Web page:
How risk averse are you?

One of my observations over the past months is that how we respond to the rules and regulations regarding Covid 19 indicates a lot about how much of a risk taker people are, or perhaps how risk averse they are. There is a sliding scale of compliance with the regulations from those who pushing, if not breaking, the boundaries to those who go way beyond them, often for health reasons.

How do we as Christians respond to these rules and regulations? Is it OK to bend or break the rules or should we be careful to obey them?

As a Christian leader I believe that we have a biblical mandate to obey the laws of our land as long as how laws do not contravene core principles of our faith. In the case of Covid 19 I believe the Christians should adhere to the rules and be seen to do so.

It is with deep concern that I have seen Christian leaders and churches openly and brazenly break the rules. Some met during lockdown when all church buildings were legally closed whilst Others have had congregational singing. Whilst I long to be able to sing in our services I won’t do so for two reasons. Firstly it is against the regulations and secondly it puts our congregations at a high risk of passing on the virus.

But what about us individually. We are in Tier 2 and the regulations state:
You must not socialise with anyone you do not live with or who is not in your support bubble in any indoor setting, whether at home or in a public place.
You must not socialise in a group of more than 6 people outside, including in a garden or a public space – this is called the ‘rule of 6’.

How are you at keeping these regulations? Has anyone who is not part of your household been inside your home in the past weeks?

By it’s very nature a church services is a social setting. We are the community of followers of Jesus. And yet we are not to socialise when we gather. I know it’s hard, and I know it goes against our instincts. But socialising brings with it a greater risk of passing on the virus and we wouldn’t want to be the one to do that, would we? So don’t sit with someone who isn’t in your household or support bubble. And when you leave, and I know this is really hard, but keep distanced and follow the rue of six.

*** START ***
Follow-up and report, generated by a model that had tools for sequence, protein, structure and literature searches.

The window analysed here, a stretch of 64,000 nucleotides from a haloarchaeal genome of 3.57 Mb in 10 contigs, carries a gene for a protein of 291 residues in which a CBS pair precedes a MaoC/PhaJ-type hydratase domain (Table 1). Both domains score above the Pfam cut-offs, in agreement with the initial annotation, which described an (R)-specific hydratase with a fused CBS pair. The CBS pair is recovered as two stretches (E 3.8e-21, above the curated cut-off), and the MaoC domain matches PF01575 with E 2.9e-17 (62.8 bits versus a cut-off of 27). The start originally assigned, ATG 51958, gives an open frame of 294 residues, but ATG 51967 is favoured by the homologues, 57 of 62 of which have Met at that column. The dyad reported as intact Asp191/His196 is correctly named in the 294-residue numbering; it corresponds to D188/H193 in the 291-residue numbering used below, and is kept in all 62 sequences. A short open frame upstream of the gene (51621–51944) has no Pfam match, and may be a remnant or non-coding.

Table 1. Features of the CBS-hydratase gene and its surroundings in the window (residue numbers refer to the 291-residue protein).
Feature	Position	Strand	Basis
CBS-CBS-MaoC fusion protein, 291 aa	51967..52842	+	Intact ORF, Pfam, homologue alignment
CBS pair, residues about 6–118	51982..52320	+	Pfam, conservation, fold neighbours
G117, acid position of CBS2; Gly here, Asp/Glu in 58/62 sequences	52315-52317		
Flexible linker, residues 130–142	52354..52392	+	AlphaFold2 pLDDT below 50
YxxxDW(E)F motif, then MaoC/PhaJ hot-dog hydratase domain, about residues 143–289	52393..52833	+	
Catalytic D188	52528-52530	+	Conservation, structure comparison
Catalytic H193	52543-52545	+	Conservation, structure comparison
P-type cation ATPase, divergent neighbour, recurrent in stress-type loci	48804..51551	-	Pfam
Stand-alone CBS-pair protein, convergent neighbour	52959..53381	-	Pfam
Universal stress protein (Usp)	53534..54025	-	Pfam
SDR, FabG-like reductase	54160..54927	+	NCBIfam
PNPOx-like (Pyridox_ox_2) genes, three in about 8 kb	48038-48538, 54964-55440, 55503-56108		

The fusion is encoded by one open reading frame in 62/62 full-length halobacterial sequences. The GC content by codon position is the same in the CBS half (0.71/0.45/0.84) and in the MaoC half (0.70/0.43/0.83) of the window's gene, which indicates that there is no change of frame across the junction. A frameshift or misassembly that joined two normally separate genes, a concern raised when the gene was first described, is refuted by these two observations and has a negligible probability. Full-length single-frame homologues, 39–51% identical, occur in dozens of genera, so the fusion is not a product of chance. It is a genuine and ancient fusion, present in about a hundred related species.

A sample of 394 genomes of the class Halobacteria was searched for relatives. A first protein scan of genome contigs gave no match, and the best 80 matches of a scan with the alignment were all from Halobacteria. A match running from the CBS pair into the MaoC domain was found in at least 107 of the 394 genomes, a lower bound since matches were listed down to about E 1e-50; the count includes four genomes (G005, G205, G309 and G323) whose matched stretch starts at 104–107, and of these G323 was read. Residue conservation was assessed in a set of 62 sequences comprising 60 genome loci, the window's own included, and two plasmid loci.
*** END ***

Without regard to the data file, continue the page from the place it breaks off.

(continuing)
Oh – and a thought about support bubbles. These aren’t open and flexible for us to be in more than one and move from one to the next as we want to. They are fixed, and for good reason.

And then we come to Christmas. The regulations will be changing to allow us to meet in groups, or Christmas bubbles, of up to three households. But that bubble is also fixed and you can’t meet one set of family on Christmas Day and a different set of family on Boxing Day etc. It does however mean if you have formed a ‘Christmas bubble’ when you join us in our building on Christmas Day you can sit with that bubble.

Because you can doesn’t mean you have to. So the permission is there for wider gatherings, but please think very carefully before you do. Personally we could have had both our children and their families round for lunch on Christmas Day, but we won’t. Instead we will meet outside in some way. It will be difficult and it will hurt, but as an asthmatic I’m aware how careful I need to be, and the end is in sight now.

Please, please, please do your utmost to obey the regulations. I am incredibly fortunate that I haven’t yet been asked to take the funeral of someone I know who had died of Covid and I really don’t want that day to come. I may be verging on the very risk averse side but I’d rather be there and safe.

2 thoughts on “How risk averse are you?

  1. Well said Sandy. I lost my father to Covid in March, caught it from him and was in hospital with it in April. Trust me everyone, it really really is awful. Do everything you can to avoid it.

  2. This reminds me of health and safety in my own field. I believe in sensibly complying with the “spirit of the law” rather than the “letter of the law”. Otherwise one frequently finds ‘strangulation by regulation’ of businesses and charities. This is what I am fighting with my new boat charity right now.

    So I admit that earlier last year with a huge garden we did exceed 6.

    What is of more concern today are those who seem to feel that their “wants” are their “rights” – even when such claimed rights are not within the Universal Declaration of Human Rights. This is where emotions rule over facts!

    During my lifetime I have felt the Church of England to be wishy-washy and mealy-mouthed which can only reflect on the Archbishop; so I do much appreciate Sandy’s clear guidance.

Leave a Reply

Your email address will not be published.